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Archive for the ‘Everyday’ Category

Fun parties, trick-or-treating, bobbing for apples and donning costumes.  Halloween is a favorite holiday for many.  Between the celebrations and sugar-fueled giggles, don’t forget…the hallowed are out there, but so are the souls not so lucky to be canonized.

Just for fun I thought I’d share one of the creepiest people reading a poem from one of my favorite authors.  I give you Christopher Walken reading The Raven, by Edgar Allan Poe.

Stay Spooky!

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The property owned by the Auntie B’s Wax World Headquarters contains several trees, including six spruce trees, five in the rear, one in the front.  All of the spruce trees are healthy and provide lovely flora, and attract certain fauna.

The Auntie B’s Wax World Headquarters property also contains a wood pile, serving to feed indoor fires to warm the interior of the premises during the cold winter months.  The fauna, referred to previously, has taken a liking to the wood pile during the summer months and pretty much claimed it as home.

Enter: Red Squirrel.

I hear the red squirrel is a dastardly creature who loves to destroy surroundings for its own personal benefit.  However, I’ve found them very cute and playful.  Not that I’ve personally  played with them, but the way they chase gray squirrels around is quite entertaining.  I’ve been watching the red squirrel(s) (perhaps, more than likely, there’s more than one) scamper around the yard all summer, being all cute and stuff.  And then came the cooler days of autumn…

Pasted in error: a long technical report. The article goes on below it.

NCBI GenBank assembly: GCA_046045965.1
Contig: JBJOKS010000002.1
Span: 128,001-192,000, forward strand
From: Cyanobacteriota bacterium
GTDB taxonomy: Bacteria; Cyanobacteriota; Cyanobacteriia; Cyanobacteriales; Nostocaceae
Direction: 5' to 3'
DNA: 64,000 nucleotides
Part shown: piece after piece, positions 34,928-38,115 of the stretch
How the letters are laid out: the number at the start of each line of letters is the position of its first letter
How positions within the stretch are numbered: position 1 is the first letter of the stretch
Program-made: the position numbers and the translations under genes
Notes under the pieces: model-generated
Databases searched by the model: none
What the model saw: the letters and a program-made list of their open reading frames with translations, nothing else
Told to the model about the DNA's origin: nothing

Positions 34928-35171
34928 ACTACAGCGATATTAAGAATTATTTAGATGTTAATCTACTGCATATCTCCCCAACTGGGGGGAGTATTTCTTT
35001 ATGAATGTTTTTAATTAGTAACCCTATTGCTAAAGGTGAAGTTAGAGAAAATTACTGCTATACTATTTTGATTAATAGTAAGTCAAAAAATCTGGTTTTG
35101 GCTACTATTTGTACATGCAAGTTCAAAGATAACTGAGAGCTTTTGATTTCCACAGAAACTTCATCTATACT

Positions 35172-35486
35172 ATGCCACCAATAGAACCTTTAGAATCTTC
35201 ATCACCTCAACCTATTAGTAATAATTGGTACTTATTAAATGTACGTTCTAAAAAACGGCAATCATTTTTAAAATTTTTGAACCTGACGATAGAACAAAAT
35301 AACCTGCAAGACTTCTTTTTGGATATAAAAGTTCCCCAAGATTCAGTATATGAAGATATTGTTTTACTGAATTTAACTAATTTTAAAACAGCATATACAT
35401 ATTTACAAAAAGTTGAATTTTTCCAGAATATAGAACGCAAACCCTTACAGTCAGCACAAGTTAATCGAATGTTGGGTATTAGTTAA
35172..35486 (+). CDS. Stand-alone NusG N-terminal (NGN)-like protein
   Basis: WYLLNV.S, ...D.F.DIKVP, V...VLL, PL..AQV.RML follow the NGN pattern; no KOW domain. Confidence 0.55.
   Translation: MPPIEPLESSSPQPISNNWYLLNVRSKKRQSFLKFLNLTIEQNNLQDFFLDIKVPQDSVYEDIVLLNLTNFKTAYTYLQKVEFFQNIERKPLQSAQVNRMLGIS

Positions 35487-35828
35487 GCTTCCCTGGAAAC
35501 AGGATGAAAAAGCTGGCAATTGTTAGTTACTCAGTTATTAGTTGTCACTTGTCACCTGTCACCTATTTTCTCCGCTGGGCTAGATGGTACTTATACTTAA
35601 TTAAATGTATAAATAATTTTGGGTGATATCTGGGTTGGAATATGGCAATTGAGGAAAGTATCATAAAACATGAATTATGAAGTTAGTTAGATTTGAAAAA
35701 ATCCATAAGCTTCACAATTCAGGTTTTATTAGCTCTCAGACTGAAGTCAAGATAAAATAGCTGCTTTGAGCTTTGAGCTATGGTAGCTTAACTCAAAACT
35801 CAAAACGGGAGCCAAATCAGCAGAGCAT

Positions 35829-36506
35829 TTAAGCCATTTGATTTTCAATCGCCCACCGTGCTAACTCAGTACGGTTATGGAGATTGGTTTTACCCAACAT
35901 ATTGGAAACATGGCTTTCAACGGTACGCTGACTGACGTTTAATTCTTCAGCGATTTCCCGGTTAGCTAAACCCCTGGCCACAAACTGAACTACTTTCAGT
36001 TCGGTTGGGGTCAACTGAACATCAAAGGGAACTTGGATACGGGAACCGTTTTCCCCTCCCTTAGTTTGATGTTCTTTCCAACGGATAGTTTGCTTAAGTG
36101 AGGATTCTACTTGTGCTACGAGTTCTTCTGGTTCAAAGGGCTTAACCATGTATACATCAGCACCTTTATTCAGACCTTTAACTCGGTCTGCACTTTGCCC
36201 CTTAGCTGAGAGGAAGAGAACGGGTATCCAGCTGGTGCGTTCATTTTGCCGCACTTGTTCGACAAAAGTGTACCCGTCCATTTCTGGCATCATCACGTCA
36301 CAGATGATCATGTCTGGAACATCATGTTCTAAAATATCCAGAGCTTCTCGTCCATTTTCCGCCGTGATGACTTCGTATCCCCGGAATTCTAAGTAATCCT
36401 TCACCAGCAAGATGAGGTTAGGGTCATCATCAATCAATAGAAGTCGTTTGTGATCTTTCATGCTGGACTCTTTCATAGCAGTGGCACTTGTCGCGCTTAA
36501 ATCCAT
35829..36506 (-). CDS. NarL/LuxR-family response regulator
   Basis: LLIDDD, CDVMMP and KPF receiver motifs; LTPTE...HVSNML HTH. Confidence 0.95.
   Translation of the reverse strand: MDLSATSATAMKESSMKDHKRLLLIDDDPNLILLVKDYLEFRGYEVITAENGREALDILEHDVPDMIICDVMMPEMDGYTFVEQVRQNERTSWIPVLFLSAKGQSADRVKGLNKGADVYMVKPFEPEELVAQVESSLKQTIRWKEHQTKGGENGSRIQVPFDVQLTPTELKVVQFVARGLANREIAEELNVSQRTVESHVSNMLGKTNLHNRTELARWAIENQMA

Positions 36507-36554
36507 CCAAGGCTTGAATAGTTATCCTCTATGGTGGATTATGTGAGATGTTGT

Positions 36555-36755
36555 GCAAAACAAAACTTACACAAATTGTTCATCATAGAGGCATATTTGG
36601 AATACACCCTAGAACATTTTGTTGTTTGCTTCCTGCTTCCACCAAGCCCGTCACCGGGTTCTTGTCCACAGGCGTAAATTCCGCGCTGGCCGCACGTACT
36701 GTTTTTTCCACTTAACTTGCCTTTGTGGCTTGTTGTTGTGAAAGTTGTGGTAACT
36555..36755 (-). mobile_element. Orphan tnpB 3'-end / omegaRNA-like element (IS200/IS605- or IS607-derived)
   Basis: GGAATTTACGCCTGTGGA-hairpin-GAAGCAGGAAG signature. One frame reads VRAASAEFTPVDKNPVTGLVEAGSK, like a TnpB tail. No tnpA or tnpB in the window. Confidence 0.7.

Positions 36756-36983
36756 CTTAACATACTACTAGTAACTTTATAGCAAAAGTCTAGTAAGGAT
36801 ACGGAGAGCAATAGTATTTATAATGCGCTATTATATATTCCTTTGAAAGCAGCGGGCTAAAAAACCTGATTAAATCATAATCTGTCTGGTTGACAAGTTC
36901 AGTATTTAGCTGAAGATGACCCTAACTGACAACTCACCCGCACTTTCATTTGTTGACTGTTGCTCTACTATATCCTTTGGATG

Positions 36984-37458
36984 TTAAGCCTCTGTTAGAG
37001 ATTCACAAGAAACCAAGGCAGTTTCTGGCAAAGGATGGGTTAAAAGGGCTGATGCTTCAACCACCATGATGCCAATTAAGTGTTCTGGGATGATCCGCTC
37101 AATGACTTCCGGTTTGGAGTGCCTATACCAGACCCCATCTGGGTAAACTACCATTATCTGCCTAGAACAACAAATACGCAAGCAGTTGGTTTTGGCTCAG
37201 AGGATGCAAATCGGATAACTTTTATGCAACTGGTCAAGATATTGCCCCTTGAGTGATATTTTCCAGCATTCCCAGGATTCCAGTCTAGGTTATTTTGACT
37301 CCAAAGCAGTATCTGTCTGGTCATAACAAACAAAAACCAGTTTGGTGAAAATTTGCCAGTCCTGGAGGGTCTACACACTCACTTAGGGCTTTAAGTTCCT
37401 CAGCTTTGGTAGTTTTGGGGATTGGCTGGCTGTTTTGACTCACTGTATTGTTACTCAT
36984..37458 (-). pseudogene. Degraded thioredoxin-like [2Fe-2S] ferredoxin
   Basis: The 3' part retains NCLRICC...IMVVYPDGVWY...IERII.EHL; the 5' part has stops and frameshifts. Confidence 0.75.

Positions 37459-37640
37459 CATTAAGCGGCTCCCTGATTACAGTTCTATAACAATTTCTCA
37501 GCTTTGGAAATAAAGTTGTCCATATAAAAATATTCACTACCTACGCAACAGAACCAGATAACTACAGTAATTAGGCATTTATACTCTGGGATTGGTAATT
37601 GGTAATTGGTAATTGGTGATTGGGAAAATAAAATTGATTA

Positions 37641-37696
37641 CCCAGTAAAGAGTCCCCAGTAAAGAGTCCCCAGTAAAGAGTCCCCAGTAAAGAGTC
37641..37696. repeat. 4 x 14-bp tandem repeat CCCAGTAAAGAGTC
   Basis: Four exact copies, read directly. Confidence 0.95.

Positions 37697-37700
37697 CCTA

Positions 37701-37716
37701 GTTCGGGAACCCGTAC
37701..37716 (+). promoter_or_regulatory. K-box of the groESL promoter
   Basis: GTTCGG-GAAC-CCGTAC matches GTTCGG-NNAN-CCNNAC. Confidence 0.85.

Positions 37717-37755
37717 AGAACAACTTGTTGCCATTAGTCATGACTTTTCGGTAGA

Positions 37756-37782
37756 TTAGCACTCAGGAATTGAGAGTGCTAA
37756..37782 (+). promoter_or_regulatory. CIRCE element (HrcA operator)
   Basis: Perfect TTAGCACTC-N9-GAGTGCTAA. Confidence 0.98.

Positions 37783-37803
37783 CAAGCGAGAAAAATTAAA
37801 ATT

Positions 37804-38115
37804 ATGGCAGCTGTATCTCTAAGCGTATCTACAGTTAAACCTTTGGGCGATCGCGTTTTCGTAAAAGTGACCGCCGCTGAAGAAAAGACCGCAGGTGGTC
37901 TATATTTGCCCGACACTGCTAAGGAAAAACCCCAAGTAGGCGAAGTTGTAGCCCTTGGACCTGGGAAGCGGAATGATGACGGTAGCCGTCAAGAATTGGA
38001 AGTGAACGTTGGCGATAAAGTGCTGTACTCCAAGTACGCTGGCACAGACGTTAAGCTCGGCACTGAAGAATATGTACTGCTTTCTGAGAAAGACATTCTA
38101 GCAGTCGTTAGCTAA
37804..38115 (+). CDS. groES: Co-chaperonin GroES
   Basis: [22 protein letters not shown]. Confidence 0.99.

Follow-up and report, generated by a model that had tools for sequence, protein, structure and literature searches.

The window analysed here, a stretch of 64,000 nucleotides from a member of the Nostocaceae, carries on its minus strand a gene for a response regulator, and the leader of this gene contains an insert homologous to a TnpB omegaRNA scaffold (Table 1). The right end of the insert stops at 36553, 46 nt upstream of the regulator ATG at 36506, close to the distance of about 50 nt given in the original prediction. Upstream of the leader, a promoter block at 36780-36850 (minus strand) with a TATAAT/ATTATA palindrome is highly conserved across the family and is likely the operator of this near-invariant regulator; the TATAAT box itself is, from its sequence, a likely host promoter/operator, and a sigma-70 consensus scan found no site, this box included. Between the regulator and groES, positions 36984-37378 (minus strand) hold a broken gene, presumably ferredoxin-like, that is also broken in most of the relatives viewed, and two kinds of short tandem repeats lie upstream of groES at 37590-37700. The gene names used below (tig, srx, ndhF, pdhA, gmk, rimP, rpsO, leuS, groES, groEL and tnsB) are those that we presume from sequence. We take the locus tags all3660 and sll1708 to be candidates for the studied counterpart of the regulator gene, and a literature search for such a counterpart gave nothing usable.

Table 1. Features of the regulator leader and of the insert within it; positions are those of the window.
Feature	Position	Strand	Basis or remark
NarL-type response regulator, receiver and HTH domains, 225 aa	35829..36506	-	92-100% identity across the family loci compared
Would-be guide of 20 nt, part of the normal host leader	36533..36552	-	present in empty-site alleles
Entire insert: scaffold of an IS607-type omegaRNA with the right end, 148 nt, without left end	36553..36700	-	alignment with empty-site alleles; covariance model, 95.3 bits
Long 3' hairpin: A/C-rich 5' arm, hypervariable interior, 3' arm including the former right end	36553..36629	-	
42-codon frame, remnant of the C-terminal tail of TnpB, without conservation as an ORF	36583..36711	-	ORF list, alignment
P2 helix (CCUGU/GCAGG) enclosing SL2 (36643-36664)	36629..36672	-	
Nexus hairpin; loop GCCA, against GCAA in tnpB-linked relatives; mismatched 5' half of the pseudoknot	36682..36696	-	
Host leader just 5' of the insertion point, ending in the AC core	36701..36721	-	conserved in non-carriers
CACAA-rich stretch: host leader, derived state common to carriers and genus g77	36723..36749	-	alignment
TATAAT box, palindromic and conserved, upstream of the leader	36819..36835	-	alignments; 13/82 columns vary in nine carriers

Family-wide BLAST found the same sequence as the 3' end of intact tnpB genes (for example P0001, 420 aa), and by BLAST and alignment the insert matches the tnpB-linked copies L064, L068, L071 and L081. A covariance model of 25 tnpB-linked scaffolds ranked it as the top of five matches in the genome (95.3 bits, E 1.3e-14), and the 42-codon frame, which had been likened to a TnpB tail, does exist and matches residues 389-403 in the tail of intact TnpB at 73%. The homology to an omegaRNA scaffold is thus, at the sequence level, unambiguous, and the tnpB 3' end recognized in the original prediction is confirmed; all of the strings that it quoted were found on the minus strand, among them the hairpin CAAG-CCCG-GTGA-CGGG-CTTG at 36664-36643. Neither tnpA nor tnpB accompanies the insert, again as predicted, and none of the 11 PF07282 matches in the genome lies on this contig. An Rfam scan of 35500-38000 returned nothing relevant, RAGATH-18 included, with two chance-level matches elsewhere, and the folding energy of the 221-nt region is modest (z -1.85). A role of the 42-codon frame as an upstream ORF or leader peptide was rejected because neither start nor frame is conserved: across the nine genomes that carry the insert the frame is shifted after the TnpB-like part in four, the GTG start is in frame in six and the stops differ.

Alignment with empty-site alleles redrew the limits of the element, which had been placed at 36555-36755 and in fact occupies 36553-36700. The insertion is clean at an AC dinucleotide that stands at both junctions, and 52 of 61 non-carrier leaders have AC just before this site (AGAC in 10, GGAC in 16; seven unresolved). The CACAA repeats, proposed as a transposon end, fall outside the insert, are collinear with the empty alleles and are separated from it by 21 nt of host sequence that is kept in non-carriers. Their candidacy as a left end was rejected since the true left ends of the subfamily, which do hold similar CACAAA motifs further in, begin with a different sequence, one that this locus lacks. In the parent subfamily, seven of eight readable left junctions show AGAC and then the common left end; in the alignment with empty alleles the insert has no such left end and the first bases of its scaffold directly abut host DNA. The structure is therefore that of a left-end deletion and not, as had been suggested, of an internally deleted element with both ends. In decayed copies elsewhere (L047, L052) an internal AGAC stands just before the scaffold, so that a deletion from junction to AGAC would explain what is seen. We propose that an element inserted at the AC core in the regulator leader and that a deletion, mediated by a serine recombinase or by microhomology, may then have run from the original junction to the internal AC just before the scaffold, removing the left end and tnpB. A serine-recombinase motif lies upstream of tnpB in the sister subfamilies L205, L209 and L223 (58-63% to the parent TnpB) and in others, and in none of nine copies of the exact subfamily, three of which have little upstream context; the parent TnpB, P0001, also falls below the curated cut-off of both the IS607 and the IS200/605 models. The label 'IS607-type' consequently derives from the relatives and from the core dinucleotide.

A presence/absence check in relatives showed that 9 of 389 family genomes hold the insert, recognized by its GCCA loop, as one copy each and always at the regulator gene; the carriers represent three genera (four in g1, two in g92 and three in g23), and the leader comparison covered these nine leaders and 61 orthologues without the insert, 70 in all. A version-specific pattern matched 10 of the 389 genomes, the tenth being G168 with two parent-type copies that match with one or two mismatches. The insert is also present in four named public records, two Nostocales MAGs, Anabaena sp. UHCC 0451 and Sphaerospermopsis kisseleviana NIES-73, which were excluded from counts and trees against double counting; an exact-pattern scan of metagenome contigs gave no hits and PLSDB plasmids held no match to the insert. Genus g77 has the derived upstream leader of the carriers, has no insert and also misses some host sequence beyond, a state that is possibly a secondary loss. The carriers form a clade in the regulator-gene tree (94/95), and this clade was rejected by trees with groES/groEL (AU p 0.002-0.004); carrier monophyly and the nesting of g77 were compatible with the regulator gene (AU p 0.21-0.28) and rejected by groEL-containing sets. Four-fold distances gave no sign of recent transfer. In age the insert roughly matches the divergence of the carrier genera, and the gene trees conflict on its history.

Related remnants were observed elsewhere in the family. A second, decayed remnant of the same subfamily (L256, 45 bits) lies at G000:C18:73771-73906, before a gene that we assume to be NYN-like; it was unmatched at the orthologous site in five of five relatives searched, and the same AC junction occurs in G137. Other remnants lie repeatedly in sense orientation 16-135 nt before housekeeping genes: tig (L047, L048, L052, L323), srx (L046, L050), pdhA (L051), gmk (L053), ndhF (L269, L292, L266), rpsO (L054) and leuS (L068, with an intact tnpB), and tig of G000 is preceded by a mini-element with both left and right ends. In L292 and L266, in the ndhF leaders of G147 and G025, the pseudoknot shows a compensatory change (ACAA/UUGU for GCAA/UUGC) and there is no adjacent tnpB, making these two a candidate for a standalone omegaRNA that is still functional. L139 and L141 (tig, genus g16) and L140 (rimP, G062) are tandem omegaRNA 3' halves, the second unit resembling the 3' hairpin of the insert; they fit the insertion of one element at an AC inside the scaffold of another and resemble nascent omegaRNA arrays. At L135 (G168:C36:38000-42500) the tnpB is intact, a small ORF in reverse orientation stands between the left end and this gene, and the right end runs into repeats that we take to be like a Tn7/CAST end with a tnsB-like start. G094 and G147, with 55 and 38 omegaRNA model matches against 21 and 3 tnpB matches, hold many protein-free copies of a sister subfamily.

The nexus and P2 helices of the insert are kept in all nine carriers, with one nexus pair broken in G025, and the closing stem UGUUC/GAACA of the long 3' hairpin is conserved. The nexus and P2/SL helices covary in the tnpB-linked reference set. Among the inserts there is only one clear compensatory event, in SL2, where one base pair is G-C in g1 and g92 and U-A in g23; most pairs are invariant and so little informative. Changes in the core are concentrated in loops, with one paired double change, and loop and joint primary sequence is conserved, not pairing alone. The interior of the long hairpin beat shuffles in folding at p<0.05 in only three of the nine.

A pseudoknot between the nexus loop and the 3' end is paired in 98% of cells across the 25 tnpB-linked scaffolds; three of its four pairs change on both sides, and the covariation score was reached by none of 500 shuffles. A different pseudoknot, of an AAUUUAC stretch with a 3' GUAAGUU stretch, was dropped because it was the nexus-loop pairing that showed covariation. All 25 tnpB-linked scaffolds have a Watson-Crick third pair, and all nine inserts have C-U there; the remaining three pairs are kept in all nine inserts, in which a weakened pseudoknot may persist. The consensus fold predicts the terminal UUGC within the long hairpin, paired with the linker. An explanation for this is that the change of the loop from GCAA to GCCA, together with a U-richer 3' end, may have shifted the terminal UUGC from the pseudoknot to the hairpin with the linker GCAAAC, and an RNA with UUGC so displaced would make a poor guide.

I’ve seen Red Squirrel running along the fence,  jumping the posts, and scurrying to the wood pile, but with an interesting accessory ~ it travels the length of the fence, from the front yard to the back, with a pinecone in its mouth.  The little guy looks like Groucho Marx, pinecone placed in its mouth like a big, old Stogie.

The pinecones, only those from the front yard spruce tree, are giving Red Squirrel a motherlode of seeds/nest materials for the winter.  I’m not sure why it doesn’t take pinecones from the five spruces in the back where the wood pile is…apparently they’re poison.  Day after day, week after week, I see Red Squirrel haul his “cigars” to the wood pile from the one spruce tree in front.

 

The days go on and Red Squirrel keeps “squirreling away” its pinecones.  Husby finally said to me, “I’m going to have to uncover the wood pile soon.”  I panicked.  “What are you going to do with all of those pinecones?” I asked.  “Compost,” was Husby’s answer.  My heart shattered.  “But Red Squirrel has been working so hard for so long!  We can’t just toss all of those (cigars) away!”

Husby has more sympathy for me than he has for Red Squirrel and said he’d just toss the pinecones under one of the backyard spruce trees, easy for Red Squirrel to find.  I hope Red Squirrel appreciates me as much as I appreciate Husby.

The pile of pinecones continues to grow…

This year I saved the bounty of the dreaded Red Squirrel.  Why is the little fellow so dreaded?  So cute.  So playful.  So determined to survive.

Husby promised me he’d throw the pinecones close by to where Red Squirrel “squirreled” them.  I figure as long as he’s not gnawing on our house he deserves the fruits of his efforts.

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This year for our birthdays Husby and I decided to buy each other tickets to a concert.  Not just any concert.  A concert that might never be presented again.  Willie Nelson & Family and Alison Krauss & Union Station.  A Toofer!  (That translates to two-for-one.)  Not only that, there was a special treat we weren’t expecting.  A guy named Dan Smalley opened for the two headliners.  A Threefer!

Before I continue, I want it known I’m not a huge fan of country music.  For example, I don’t tune into country music stations on the radio and have never bought country music albums/CDs.  If I’m going to listen to country music it’s got to be old school country and western music because someone makes me listen to it.  And if someone makes me listen to old school country and western music, I’ll probably like it.

Interestingly enough, the Target Center in Minneapolis (where the concert was held) is kitty-corner to my old stomping ground, First Avenue.  I took a picture and my heart went back almost forty years.  That’s a whole ‘nother post though.